In 1998, Clément was commissioned by Baltic director Sune Nordgren to record the abandoned quayside building – a silo built in the 1950s and used to store imported grain from eastern Europe – before it was gutted and transformed into the lottery-funded Baltic Centre for Contemporary Art.
The commission was part of a series of projects planned by Nordgren to turn the construction process into a rolling programme of artistic events. Clément says: "I thought this was such a sexy project that I decided to document the whole process."
Since then, Clément has been a regular visitor to the site, usually when it is empty of workers, in order to capture the unique atmosphere of the vast, 42 m high building.
The first stage of construction involved gutting the building to remove the 148 concrete grain silos. In summer 1999, the enormous void was temporarily filled with a huge installation by artist Anish Kapoor. The piece, called Taratantara, consisted of an enormous red PVC trumpet stretched across the 52 m long space. Other temporary art interventions on the building have included a series of gigantic banners by Bruce Maclean which were slung from the roof, and a 2km high light beam by Jaume Plensa.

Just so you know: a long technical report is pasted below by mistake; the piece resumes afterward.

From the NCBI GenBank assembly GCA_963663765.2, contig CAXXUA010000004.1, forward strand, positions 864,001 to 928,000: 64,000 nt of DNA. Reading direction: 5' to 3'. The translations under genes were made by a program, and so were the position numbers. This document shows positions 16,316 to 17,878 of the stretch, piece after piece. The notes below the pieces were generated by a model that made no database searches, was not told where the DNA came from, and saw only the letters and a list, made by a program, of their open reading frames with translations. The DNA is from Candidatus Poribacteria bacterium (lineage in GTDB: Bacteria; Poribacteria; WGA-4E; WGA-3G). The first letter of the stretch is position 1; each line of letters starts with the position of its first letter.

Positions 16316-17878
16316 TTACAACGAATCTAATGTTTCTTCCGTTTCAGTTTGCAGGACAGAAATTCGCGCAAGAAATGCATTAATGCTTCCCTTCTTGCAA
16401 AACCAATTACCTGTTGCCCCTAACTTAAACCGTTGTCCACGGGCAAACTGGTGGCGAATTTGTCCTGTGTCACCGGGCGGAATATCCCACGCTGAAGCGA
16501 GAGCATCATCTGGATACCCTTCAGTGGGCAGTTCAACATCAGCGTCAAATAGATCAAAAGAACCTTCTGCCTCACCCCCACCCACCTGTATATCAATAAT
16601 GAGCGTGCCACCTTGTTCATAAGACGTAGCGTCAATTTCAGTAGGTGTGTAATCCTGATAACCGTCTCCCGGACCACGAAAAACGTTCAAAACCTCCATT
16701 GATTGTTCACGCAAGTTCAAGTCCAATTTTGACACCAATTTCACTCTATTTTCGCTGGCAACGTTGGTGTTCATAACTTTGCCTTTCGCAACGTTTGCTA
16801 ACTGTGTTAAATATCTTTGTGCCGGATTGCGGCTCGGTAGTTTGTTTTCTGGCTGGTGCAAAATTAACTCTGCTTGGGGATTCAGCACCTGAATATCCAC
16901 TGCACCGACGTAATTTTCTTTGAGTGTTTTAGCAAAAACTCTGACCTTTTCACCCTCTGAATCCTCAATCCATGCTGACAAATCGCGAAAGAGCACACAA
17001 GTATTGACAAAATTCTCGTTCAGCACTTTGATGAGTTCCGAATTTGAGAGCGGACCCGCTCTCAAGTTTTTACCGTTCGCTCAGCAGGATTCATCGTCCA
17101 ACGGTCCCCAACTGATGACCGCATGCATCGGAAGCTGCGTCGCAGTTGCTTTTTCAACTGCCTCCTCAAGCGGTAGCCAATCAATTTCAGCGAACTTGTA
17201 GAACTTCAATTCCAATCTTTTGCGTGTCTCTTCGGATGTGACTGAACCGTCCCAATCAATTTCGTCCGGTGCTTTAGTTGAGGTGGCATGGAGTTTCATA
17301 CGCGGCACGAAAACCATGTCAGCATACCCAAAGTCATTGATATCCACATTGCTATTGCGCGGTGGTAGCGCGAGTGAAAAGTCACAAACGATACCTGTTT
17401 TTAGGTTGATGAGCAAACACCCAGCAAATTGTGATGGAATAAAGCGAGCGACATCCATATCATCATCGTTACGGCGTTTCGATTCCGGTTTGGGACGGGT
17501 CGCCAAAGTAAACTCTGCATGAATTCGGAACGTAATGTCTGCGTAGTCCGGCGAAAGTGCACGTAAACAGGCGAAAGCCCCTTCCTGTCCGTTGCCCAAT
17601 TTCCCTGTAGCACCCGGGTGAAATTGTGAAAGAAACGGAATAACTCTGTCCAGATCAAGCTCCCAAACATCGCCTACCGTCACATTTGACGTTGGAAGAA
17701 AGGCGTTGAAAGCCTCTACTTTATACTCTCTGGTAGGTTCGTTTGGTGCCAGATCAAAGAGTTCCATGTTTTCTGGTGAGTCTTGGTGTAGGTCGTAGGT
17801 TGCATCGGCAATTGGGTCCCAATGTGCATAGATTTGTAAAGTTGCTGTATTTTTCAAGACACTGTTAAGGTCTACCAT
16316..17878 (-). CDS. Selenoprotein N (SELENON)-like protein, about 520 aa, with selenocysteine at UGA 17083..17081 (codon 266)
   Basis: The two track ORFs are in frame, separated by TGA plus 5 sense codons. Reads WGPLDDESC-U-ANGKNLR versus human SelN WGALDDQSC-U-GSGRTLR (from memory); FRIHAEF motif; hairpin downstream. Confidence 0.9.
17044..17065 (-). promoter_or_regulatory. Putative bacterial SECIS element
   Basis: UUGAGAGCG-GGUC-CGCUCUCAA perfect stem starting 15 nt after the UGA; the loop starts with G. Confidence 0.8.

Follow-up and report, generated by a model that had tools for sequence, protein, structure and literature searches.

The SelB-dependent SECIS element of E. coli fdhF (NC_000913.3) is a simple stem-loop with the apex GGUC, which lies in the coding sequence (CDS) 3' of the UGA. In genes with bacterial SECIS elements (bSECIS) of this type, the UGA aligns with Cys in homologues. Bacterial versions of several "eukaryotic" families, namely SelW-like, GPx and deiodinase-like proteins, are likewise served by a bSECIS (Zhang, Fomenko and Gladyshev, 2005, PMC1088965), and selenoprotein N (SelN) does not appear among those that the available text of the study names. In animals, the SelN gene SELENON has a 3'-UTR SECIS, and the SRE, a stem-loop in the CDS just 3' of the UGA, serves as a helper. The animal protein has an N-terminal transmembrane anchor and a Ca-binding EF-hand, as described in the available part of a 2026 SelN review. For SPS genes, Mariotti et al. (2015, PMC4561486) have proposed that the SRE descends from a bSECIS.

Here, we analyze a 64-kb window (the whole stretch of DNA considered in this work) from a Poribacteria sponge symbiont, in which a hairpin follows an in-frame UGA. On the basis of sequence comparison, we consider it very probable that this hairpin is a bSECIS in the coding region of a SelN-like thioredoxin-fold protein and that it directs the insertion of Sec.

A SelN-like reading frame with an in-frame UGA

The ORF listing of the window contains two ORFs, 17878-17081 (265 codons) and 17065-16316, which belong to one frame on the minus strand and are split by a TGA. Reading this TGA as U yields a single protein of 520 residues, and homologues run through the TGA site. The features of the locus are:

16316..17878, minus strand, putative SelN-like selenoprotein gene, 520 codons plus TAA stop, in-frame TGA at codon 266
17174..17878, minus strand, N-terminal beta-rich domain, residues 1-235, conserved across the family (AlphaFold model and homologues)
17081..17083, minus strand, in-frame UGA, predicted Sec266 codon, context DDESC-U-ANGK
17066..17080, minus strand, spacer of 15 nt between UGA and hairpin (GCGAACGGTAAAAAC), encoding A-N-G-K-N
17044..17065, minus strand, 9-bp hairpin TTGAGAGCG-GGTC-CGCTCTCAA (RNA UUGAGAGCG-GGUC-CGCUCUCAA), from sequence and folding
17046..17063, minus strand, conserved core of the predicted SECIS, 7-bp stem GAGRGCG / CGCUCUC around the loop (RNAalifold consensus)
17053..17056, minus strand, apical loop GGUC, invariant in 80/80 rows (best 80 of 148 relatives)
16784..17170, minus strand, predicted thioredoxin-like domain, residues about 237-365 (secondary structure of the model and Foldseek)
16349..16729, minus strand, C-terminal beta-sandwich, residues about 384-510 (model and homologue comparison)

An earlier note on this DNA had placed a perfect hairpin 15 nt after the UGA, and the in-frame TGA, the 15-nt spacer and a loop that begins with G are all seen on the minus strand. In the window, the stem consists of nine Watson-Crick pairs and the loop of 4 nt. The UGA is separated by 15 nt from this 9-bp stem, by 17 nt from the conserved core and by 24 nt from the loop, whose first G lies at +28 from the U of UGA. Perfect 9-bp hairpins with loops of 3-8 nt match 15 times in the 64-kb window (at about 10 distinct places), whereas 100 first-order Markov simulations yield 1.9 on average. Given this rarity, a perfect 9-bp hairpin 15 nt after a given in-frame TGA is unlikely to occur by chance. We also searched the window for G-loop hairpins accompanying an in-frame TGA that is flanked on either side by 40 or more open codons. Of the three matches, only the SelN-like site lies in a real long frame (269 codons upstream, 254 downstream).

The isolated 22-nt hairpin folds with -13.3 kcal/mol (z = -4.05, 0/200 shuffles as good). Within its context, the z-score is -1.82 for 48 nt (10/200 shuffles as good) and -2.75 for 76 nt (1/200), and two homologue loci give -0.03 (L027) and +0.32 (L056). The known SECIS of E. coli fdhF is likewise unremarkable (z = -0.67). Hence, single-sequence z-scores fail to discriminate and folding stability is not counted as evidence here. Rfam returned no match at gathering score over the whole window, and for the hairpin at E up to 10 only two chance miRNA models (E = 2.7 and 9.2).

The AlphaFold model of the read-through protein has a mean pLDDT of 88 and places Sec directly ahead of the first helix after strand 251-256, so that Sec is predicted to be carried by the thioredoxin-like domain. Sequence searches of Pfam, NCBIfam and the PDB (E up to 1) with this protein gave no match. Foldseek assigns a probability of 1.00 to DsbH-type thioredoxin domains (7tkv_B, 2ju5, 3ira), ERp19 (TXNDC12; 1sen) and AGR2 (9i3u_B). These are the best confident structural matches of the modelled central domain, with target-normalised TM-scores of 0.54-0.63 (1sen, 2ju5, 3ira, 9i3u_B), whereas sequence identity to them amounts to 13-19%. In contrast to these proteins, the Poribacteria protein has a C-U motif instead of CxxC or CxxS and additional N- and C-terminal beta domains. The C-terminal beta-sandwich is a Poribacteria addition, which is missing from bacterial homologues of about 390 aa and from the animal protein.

Builders are now completing the installation of five exhibition floors and five mezzanine levels between the preserved north and south facades.
Clément, who was brought up in Aix-en-Provence, France, is something of an aficionado of construction sites. "Building sites were my playground when I was young. I used to break in and play. I realised recently that all the smells – the concrete, the plaster – were from my childhood."
The Ellis Williams Architects-designed centre, which is being billed as northern England's answer to the Tate Modern, is part of a cluster of major projects on the banks of the Tyne. Wilkinson Eyre Architects' dramatic Gateshead Millennium Bridge, situated next to the Baltic, is due to open later this year while work began last month on Foster and Partners' £70m Music Centre on the opposite bank.